I've been in a bit of a funk lately—lately meaning the past few months. When we first moved to LA's South Bay from Boston, I hopped right into a job search that seemed to take forever and when I finally secured a position I thought was the right fit, it turned out to be all wrong. When I quit as graciously and honestly as possible, I drove home feeling free but lost and more unsure than ever of what I wanted to do here. After several more interviews with people almost half my age offering about half the salary I was making in Boston, (and two job offers that offered no pay, but experience and exposure!) I was exhausted from my headfirst and singular mission of chasing something that literally wasn't going to pay off. 

Not working feels like wearing clothing that's the completely wrong size and probably always will, but for now, I have decided to fill my days differently. I recently joined Harmony Yoga in Redondo Beach and love it. I'm definitely a bit stiff and sore from not practicing regularly, but it feels good to be surrounded by other students during the day and following a set schedule has improved my mindset and outlook. And immersing myself in course tasks at Rouxbe is giving me the creative outlet, challenge and structure that's perfect for escaping into here and there during the week as I continue my job search with a more balanced intention. 

Since I've become more physically active with yoga and more mentally challenged with Rouxbe, new ideas have begun to pop into my head more frequently to translate into content for this space. And although the idea of making a cauliflower crust pizza certainly isn't mine, it was fun to come up with my own version of it this weekend. This purplish crust is crispy and chewy around the edges and firm but soft towards the center. It looks beautiful once baked and is sturdy enough to pile on with whatever vegetables you like. 

for the crust
3-4 cups chopped cauliflower florets, any color or variety (enough to yield about 2 cups grated)
1 cup water
1 cup panko crumbs
2 TB Ener-G
1/2 cup water
2 TB olive oil
1 tsp dried basil
1 tsp dried oregano
1/2 tsp salt
a few pinches of pepper

for the garlic oil
4-6 large cloves garlic, halved and smashed with the flat end of a knife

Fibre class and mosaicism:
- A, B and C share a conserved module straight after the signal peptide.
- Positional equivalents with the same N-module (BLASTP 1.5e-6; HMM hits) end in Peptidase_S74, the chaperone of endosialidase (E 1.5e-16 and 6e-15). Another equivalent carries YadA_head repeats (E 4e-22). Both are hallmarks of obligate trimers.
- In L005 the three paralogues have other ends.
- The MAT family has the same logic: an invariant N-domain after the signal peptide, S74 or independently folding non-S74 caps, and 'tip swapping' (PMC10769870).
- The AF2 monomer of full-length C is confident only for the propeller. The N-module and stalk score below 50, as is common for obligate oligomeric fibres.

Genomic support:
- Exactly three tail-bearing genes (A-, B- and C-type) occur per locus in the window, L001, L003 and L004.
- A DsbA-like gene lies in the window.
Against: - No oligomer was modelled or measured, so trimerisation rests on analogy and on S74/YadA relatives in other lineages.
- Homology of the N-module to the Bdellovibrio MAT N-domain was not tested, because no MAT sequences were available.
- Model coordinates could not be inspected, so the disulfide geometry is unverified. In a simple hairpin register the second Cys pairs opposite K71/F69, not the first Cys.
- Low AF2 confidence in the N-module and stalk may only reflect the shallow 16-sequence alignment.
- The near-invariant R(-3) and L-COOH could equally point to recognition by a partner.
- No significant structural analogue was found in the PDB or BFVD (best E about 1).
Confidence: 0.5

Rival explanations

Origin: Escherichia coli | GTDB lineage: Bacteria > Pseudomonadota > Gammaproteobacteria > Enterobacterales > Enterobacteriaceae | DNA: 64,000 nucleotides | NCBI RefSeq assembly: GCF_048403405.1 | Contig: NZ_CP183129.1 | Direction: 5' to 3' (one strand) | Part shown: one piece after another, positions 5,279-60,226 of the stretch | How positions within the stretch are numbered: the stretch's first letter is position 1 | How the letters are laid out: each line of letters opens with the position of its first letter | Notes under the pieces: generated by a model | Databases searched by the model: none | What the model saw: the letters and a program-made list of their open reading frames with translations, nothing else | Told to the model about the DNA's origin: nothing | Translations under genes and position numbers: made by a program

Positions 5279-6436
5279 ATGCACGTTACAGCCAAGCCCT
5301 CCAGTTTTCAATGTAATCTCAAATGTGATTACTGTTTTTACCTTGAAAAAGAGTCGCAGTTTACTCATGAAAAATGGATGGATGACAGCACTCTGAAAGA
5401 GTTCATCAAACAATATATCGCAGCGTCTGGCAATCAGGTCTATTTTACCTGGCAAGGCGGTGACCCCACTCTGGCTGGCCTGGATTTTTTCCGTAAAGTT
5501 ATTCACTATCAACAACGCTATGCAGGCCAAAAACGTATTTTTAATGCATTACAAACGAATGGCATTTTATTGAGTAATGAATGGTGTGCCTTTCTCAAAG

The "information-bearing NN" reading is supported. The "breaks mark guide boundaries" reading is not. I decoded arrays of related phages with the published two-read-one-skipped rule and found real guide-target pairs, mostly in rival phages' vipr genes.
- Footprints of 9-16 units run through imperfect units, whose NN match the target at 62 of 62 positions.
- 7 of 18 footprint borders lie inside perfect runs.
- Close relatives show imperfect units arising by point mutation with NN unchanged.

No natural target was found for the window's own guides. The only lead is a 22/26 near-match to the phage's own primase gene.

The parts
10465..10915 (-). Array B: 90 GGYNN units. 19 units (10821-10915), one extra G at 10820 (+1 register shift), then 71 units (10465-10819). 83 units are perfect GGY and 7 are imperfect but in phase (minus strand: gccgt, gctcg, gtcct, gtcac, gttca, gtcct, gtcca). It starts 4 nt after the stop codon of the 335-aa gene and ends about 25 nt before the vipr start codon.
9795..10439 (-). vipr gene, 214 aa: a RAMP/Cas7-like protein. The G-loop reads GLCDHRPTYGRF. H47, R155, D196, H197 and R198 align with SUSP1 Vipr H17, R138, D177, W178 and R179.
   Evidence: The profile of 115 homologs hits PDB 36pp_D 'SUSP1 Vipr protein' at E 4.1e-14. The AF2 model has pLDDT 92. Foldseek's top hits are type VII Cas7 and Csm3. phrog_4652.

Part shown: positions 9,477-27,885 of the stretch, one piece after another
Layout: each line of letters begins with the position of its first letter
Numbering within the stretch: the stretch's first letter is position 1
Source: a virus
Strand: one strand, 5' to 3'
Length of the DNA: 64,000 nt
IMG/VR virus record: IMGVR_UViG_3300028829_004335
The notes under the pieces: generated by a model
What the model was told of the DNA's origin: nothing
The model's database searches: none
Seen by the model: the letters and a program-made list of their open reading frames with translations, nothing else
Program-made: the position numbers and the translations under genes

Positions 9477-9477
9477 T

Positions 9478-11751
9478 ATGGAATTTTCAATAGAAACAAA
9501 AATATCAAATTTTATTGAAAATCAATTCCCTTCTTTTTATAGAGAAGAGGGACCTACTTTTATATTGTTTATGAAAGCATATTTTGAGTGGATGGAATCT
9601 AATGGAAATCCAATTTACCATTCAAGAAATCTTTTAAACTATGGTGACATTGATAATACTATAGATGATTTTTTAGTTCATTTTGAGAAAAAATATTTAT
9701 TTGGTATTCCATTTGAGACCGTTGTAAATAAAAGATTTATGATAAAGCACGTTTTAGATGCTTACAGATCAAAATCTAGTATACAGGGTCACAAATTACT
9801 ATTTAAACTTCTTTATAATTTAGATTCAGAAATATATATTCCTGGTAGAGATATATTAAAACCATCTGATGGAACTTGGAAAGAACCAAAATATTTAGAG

1/4 cup olive oil

for the topping (this is what I used, but whatever toppings you want will work)
shiitake mushrooms, sliced and sauteed until soft
red onion, sliced into rings and sauteed until soft
cherry tomatoes, halved
yellow bell pepper, chopped
katamala olives, chopped
leftover golden garlic from making the garlic oil


To make the crust, place the cauliflower florets and water into a blender and chop until finely crumbled. Transfer the cauliflower to a tea towel and gather up the edges, twist and squeeze to get rid of all the water. You'll want the cauliflower to be very dry. Transfer to a large bowl and add in the panko crumbs. Stir to combine.

In a separate smaller bowl, whisk together the Ener-G, water and olive oil until creamy. Drizzle into the cauliflower and panko mixture. Stir to combine. Add in the spices and stir again. Cover and place into the refrigerator to chill for about an hour. 

To make the garlic oil, place the olive oil into a small saucepan over low heat. Add in the smashed garlic and allow to develop a golden color, about 10 minutes. Remove from the heat and set aside.

When you are ready to bake the crust, place a silpat onto a baking sheet and preheat your oven to 350. Gather the cauliflower mixture into a ball, then press it into any shape you want. It should be no more than 1/2-inch thick. Brush with some of the garlic oil (you don't need to use all of it), then bake for 35-40 minutes, or until the edges are slightly crispy, but not burned. Let it rest on the silpat for about 10 minutes before removing it with a large spatula.

To assemble, saute whatever vegetables you want in some of the leftover garlic oil and top as desired. No need to place back in the oven to bake again.